April Showers Bring May Dandelions, Look Out and Take Action Now.
Once upon a time as a child I loved those yellow flowers in our lawn. Since then I have learned a lot, especially over the past 15 years while being in our industry. As a father of two children who are very active outside I realized just what those do to my lawn. Dandelions zap the energy from the sun and the nutrients from the soil, keeping a lush green lawn down the road at the neighbors.
Dandelions grow taller with a broader leaf than typical Kentucky Bluegrass or Fescue. The taller, broader leaf of the dandelion shades out the preferred turf grass. The lack of sunlight stunts the growth of the turf grass and it begins to thin out. Just as the leaves of the dandelion get bigger the roots do as well. Bigger deeper roots means the nutrients and moisture are taken up by the dandelion, thus making it even stronger. This cycle continues year after year until your lawn is painted yellow with little to no turf grass for the kids to play on. What happens next?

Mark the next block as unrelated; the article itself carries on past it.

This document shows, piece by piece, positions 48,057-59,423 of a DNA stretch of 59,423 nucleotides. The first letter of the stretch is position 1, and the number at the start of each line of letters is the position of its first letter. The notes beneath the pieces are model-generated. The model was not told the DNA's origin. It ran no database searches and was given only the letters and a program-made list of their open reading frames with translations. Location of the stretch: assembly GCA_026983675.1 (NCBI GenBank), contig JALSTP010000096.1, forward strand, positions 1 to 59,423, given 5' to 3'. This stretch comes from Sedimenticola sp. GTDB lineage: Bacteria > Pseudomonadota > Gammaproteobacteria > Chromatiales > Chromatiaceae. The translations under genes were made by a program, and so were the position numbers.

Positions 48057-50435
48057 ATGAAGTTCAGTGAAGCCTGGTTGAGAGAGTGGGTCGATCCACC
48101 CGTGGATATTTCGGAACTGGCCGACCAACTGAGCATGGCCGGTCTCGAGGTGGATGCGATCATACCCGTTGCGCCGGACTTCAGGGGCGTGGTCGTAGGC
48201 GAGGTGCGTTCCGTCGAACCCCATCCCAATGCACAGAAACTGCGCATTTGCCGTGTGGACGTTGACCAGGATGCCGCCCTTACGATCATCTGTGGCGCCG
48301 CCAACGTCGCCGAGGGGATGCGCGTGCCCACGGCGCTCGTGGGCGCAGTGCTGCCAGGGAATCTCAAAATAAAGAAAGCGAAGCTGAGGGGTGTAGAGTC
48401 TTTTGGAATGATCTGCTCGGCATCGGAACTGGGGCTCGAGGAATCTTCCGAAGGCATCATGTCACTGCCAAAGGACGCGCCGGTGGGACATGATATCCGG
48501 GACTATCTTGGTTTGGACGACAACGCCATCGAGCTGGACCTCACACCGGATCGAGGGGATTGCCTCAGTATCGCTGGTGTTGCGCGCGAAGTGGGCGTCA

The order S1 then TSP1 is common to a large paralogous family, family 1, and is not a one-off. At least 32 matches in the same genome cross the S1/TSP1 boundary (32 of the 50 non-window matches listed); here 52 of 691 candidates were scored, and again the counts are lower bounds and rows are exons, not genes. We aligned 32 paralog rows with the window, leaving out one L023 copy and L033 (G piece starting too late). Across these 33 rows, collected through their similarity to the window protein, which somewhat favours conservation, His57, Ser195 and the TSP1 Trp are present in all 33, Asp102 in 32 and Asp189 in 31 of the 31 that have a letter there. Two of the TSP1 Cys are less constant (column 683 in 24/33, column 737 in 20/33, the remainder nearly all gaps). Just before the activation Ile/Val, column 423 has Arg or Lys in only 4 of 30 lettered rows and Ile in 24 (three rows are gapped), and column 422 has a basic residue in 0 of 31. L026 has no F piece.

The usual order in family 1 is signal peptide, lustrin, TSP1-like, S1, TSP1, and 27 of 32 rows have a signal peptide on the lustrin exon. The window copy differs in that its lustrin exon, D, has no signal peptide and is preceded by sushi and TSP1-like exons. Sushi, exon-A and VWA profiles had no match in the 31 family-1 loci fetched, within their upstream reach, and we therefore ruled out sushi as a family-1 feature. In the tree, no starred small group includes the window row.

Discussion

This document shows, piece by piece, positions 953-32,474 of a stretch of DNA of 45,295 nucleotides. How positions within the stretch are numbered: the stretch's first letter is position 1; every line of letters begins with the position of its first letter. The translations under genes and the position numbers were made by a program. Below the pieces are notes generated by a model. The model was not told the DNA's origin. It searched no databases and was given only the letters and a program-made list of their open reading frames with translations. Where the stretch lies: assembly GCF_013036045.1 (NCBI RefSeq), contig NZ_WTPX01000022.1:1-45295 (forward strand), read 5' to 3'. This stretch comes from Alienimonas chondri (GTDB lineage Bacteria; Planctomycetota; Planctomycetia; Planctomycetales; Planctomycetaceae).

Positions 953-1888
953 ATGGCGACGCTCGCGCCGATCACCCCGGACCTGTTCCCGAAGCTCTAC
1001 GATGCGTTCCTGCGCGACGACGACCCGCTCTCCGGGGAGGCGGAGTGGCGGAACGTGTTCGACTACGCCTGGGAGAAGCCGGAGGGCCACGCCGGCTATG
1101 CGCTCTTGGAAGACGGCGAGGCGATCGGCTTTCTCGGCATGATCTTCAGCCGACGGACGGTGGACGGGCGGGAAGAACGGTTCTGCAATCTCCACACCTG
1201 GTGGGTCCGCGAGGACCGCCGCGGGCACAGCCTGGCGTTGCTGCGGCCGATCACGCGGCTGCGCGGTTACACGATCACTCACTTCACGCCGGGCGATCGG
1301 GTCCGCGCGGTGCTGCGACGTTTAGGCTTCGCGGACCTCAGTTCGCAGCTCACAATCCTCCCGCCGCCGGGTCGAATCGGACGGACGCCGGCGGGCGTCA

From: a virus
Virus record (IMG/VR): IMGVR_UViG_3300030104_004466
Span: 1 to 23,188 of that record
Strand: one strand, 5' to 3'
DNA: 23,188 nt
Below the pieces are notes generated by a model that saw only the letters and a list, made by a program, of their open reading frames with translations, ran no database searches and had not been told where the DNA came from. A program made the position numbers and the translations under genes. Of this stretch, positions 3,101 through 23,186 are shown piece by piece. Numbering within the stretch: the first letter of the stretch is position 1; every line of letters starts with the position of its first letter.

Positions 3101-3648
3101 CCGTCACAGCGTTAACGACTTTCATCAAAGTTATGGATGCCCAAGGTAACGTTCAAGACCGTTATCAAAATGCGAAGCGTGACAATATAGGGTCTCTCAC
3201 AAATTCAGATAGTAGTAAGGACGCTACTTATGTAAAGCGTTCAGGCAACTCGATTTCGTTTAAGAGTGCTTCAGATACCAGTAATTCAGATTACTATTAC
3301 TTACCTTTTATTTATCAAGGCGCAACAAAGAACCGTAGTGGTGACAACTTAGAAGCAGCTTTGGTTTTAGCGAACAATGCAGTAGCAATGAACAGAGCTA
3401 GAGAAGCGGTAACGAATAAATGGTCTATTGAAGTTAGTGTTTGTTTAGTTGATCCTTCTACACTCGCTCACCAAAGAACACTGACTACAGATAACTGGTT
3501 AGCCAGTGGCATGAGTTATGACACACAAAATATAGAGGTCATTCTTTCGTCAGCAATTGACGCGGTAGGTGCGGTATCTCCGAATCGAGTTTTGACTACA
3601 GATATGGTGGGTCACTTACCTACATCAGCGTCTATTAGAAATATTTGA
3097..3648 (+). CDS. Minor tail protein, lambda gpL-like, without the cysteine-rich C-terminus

Dandelions are sneaky. They show their true colors in the spring, turn yellow, and spread their seeds. Once they spread their seeds dandelions basically disappear for a month or two. It’s at that point that your lawn turns bare, allowing more varieties of weeds to move in. In late August they are back for one last hurrah; and the cycle continues.
The good news: dandelions can be controlled with a proper treatment program. It is necessary to treat the broad leaves of the weed as well as give nutrients to the turf so it has the energy to grow lush and fight off possible other invasive species of weeds. Using the proper treatment discourages the growth of the plant as a whole. Trying to dig up a dandelion generally is not effective. The root of a dandelion typically goes down 6-12 inches in the ground and will likely grow back if not removed completely.
R&D Landscape would love to help you out. They currently treat 80 acres at Bonnie View Golf Course, 200 residential and commercial lawns, and the athletic fields at Eaton Rapids Public Schools.
For more information contact us as soon as possible.
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President of R&D Landscape